This is the place.
It’s Sunday morning, and a small group of us are milling around the concrete apron surrounding the Porter Square T station. The Outdoor Church of Cambridge, which is really just a couple of part-time ministers rolling an altar-on-a-shopping-cart around town, is conducting a service for the homeless. As it has every Sunday during this horrible winter.
This is religion in the raw. Even at 9 a.m., Porter Square is buzzing. Horns honk, families are scurrying to make ice times, red-eyed outlanders are clattering their rollerboard suitcases off the subway escalator. Passers-by stare at us, alternately befuddled, surprised, and occasionally scornful.
This gathering doesn’t look like church. Visitors like me generally arrive early — to get a good seat? There are no seats. The homeless congregants show up on their own clock, traveling from shelters like the Pine Street Inn, 240 Albany Street, or the Harvard-student-run “UniLu” dormitory at the University Lutheran church in Harvard Square.
The nondenominational Christian Outdoor Church service is spare. Instead of a prayer book, there is a laminated list of recitations that is distributed, and then retrieved at the end. There are no hymns, no offerings, and no sermons. In place of preaching, we listen to a Bible passage, and then we offer our thoughts. Or don’t.
The lectionary recently assigned us Matthew’s account of Jesus’s Transfiguration, but no one seemed to understand what was happening in this passage. I certainly didn’t. Instead, Tony announced the forthcoming sixth anniversary of his sobriety, and Carol complained about police harassment.
The homeless do have something in common with suburban worshippers — they love the post-service coffee hour. When the Rev. Jed Mannis starts pouring from Dunkin’s Box O’ Joe and hands out free doughnuts around 9:40 a.m., the house is full, meaning that the complement of roughly a dozen regulars has assembled. Mannis and his colleague, the Rev. Tom Hathaway, perform a second service on the Cambridge Common at 1 p.m., and spend most of Sunday wandering around the city, handing out sandwiches and clean socks.
Street ministries aren’t new. Much of the New Testament can be understood as an outdoor street ministry in ancient Judea and Galilee. At the beginning of the 19th century, a long-forgotten Unitarian minister named Joseph Tuckerman — “the friend of the poor,” it says on his headstone in Mt. Auburn cemetery — took the church to the neighborhoods of Boston’s ever-increasing ranks of the destitute.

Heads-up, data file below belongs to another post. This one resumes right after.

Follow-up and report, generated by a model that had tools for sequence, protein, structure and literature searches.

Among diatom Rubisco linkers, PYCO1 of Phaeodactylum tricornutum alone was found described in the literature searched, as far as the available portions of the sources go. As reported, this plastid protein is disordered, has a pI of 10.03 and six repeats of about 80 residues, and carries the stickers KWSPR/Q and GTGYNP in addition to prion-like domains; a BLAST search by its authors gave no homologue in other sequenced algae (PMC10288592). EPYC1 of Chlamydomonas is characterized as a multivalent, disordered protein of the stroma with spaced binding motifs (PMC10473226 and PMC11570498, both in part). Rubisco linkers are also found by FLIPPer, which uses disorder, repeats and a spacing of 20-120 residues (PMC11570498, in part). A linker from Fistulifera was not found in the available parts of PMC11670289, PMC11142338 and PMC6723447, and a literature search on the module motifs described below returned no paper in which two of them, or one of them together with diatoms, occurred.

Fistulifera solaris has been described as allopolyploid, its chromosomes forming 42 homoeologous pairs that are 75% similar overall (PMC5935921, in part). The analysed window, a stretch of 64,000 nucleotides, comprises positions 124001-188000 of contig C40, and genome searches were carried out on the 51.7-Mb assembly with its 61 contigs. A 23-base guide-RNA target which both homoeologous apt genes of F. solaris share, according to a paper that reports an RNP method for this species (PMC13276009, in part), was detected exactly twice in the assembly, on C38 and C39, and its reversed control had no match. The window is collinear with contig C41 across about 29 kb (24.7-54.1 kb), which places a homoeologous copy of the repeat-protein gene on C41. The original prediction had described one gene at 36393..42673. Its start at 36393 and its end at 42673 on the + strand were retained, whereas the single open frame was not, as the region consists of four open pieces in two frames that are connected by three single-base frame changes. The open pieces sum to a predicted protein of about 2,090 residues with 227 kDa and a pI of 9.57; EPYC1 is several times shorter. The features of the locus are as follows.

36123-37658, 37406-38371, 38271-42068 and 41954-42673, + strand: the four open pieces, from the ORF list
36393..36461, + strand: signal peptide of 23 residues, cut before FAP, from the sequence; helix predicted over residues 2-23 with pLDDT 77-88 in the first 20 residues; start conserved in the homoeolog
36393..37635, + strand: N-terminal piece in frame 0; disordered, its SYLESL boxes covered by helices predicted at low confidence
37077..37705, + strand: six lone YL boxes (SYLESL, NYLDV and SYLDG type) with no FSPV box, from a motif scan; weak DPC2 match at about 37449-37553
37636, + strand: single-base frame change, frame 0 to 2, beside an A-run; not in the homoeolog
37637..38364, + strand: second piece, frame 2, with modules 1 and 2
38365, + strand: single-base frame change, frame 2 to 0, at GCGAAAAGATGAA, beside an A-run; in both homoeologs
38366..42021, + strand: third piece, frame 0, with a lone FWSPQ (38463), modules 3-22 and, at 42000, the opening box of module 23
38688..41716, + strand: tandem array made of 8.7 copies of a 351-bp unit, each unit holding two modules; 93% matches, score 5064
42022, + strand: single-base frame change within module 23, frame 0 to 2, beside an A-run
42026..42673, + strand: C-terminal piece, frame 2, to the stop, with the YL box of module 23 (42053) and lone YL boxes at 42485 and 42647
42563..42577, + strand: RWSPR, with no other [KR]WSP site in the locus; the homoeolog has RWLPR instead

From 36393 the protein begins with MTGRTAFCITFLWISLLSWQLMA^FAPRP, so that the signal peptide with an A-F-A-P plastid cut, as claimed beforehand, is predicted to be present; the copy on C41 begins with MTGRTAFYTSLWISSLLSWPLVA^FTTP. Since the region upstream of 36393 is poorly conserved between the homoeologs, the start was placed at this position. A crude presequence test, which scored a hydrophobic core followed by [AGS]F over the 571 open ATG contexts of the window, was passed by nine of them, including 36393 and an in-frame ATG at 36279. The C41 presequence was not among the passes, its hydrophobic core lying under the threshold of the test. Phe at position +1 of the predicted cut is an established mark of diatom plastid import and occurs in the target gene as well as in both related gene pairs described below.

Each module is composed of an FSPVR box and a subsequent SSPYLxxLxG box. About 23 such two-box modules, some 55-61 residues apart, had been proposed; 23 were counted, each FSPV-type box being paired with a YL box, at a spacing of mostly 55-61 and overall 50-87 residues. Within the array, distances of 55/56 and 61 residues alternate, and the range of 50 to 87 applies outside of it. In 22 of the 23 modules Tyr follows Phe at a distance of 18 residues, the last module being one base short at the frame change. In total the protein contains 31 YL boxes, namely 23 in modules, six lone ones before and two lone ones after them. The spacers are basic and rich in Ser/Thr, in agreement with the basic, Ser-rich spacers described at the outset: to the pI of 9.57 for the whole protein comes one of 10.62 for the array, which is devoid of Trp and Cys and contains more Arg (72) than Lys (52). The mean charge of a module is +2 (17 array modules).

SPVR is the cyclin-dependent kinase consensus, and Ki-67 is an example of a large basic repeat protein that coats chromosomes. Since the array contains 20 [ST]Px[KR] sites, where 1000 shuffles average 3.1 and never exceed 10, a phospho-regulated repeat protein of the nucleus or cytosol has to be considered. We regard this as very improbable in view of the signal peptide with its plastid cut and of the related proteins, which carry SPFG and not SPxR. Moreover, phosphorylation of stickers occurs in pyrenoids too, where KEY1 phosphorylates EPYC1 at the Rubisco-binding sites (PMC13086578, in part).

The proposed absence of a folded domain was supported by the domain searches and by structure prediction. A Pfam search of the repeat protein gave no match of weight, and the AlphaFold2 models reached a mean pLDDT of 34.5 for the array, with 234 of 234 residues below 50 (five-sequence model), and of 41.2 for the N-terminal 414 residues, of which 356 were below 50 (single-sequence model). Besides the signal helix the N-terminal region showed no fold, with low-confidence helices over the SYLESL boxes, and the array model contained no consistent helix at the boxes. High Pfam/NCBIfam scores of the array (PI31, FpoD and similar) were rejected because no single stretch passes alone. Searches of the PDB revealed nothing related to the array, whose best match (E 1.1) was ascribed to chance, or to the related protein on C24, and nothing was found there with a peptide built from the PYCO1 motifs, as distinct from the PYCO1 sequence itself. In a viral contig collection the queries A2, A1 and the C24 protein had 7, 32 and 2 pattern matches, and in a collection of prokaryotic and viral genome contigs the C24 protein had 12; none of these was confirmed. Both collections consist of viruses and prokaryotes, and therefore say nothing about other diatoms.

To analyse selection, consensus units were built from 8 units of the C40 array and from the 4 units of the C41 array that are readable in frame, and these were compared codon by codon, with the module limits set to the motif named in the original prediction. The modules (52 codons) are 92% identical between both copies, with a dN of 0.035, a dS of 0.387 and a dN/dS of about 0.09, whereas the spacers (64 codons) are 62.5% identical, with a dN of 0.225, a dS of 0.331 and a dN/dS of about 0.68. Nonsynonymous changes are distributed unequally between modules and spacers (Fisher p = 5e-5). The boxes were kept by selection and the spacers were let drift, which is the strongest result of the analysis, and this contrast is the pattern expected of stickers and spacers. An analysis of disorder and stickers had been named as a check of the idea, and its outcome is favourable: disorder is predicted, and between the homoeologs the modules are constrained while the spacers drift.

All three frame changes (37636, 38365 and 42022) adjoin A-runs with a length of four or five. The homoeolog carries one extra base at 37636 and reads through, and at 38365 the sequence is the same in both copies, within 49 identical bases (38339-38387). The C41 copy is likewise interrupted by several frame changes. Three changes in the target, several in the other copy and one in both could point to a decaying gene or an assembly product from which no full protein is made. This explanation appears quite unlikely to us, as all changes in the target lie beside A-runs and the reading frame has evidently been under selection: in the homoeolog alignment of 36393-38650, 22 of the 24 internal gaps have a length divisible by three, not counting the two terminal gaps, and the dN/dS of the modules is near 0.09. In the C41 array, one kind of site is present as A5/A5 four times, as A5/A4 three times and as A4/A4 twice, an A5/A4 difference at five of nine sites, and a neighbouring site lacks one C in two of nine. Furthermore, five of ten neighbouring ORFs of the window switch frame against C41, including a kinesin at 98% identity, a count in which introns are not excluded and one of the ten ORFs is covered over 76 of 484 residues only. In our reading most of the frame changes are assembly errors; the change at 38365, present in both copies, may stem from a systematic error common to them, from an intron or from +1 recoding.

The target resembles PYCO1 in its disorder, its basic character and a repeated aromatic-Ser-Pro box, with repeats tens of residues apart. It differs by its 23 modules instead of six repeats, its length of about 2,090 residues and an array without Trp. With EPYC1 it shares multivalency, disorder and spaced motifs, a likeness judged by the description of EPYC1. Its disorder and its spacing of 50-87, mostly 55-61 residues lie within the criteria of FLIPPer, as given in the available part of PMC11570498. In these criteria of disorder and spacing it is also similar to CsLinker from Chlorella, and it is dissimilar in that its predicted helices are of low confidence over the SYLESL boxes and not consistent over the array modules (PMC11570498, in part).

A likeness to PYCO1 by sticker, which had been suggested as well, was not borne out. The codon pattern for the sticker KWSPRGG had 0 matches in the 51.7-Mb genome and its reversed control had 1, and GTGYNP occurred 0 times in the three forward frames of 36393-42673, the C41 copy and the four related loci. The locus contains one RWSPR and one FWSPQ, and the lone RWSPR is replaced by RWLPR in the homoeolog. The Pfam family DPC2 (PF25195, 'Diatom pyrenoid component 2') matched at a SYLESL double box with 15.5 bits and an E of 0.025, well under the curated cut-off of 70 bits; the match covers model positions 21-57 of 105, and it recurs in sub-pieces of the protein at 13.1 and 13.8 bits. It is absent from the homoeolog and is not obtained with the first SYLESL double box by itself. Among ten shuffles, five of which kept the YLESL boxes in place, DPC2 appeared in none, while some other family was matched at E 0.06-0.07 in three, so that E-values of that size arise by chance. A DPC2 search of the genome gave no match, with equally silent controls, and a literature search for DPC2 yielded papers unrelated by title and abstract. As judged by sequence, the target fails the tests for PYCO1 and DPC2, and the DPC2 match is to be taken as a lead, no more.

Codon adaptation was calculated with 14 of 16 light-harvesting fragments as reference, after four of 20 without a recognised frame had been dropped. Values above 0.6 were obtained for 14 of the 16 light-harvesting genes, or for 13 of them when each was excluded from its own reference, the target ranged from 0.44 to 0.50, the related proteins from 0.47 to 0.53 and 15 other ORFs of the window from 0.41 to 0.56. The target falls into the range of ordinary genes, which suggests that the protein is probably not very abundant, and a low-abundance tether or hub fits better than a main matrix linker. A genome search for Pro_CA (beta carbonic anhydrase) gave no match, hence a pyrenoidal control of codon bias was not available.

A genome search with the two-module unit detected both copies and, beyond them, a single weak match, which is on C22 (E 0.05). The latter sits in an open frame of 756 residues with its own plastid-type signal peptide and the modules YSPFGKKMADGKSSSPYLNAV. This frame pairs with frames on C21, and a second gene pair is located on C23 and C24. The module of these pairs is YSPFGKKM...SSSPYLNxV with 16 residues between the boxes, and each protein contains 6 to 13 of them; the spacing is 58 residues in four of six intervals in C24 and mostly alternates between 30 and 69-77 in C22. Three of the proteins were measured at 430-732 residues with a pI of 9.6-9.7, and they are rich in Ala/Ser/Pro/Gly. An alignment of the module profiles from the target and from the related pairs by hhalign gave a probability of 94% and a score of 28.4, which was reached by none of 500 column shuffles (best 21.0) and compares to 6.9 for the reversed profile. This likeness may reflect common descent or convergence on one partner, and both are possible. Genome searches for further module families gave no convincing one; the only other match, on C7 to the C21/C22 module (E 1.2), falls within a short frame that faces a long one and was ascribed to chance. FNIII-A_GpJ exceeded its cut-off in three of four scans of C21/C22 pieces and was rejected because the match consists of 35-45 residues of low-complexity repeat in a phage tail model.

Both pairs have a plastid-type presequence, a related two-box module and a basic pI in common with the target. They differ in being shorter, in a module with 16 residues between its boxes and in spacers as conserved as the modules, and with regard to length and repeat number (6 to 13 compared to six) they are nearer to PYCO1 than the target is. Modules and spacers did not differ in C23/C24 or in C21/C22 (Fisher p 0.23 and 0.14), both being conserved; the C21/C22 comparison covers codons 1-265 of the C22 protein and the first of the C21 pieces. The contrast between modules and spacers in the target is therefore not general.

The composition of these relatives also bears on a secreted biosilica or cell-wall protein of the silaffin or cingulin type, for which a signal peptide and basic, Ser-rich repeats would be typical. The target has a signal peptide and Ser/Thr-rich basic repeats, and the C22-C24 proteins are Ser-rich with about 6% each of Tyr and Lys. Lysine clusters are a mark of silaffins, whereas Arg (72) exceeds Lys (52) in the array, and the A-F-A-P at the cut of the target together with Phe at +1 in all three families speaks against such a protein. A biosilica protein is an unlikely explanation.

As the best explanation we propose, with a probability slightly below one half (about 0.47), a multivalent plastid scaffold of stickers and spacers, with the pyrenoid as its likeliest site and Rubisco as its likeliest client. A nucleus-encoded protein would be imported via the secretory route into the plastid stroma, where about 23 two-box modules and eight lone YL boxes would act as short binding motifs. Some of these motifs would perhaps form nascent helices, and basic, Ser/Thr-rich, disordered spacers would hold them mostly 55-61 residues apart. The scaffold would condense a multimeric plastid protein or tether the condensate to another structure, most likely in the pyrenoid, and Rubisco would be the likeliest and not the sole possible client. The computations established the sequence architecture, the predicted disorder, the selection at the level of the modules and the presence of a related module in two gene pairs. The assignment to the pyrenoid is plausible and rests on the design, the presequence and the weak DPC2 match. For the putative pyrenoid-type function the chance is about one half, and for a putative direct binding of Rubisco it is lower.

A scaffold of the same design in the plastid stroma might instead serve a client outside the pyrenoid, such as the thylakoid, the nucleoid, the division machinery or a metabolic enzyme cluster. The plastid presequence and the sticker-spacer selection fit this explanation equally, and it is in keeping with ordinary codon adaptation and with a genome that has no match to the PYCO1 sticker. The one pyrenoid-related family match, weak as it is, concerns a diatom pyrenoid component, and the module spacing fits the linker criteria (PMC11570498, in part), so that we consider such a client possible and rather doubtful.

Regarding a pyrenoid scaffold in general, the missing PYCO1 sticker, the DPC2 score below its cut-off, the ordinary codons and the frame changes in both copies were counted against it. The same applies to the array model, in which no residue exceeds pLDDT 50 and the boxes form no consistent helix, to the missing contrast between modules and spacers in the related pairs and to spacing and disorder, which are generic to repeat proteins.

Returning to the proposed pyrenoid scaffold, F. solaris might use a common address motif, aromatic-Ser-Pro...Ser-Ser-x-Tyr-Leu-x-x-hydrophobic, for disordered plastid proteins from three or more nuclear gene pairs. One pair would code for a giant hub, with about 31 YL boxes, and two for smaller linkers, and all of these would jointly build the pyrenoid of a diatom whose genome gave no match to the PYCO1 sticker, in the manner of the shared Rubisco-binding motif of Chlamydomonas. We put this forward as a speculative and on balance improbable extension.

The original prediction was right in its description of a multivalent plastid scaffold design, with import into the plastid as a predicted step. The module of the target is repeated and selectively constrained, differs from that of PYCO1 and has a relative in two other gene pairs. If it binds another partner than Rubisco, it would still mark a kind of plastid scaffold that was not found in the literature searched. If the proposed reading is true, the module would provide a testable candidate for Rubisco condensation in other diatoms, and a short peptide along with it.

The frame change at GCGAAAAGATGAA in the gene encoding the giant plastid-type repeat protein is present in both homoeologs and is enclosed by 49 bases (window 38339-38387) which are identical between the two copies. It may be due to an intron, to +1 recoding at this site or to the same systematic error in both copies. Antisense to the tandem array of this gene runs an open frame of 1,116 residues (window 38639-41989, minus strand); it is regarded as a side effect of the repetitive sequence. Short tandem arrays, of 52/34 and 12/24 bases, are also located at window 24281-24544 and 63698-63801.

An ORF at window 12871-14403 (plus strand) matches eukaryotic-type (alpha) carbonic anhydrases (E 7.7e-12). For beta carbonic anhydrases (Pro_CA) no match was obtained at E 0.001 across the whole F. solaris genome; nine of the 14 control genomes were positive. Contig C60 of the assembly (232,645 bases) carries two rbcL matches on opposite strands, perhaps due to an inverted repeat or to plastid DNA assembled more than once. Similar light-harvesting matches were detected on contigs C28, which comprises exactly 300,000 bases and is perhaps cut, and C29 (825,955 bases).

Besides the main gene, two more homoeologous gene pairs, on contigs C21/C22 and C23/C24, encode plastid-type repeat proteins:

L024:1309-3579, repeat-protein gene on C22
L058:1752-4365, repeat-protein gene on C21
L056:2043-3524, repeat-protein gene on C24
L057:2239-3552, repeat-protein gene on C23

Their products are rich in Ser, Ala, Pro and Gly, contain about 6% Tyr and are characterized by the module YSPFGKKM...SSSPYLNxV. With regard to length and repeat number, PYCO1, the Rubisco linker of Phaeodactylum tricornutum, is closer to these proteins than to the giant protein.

In 1996, the Rev. Debbie Little conducted a church service for the homeless on the Common, a tradition that continues to this day. “I wanted to take the gifts of church out to people who can’t come in to receive them,” says Little. Over 250 churches in the United States and overseas, including Mannis’s, have adopted or adapted her original idea.
Some programs offer counseling and placement services to the homeless. Cambridge’s Outdoor Church has a more modest mission. “We are a church, not a social welfare agency,” comments Mannis. “We don’t set out to end homelessness, or even, strictly speaking, to improve the material lot of the people to whom we minister.”
Mannis and his colleagues aren’t hard-hearted. Cambridge is probably one of the best-equipped cities in the country to deliver social services to its several hundred homeless citizens. City and city-related agencies offer food, shelter, and some medical services. The Outdoor Church provides something else.
“Think of what we do as a hospice regime,” Mannis says. “There is no plan to end death, and it’s very, very rare to get someone off the street.” Little chooses her words more carefully. “We are a force against homelessness, helping people make the next step that might be healthy for them, like just going inside.”
Nonetheless, she is painfully aware of the perils of “helping” men and women who often don’t want help. “Sometimes, when people find permanent housing, they can’t adjust to the new situation,” she says. “A lot of men and women are more comfortable living on the street.”
“There are other people who are gifted advocates for the homeless, and that is their passion,” she adds. “We offer the gift of people being consistently out there, ministering, and it’s a lot more than nothing.”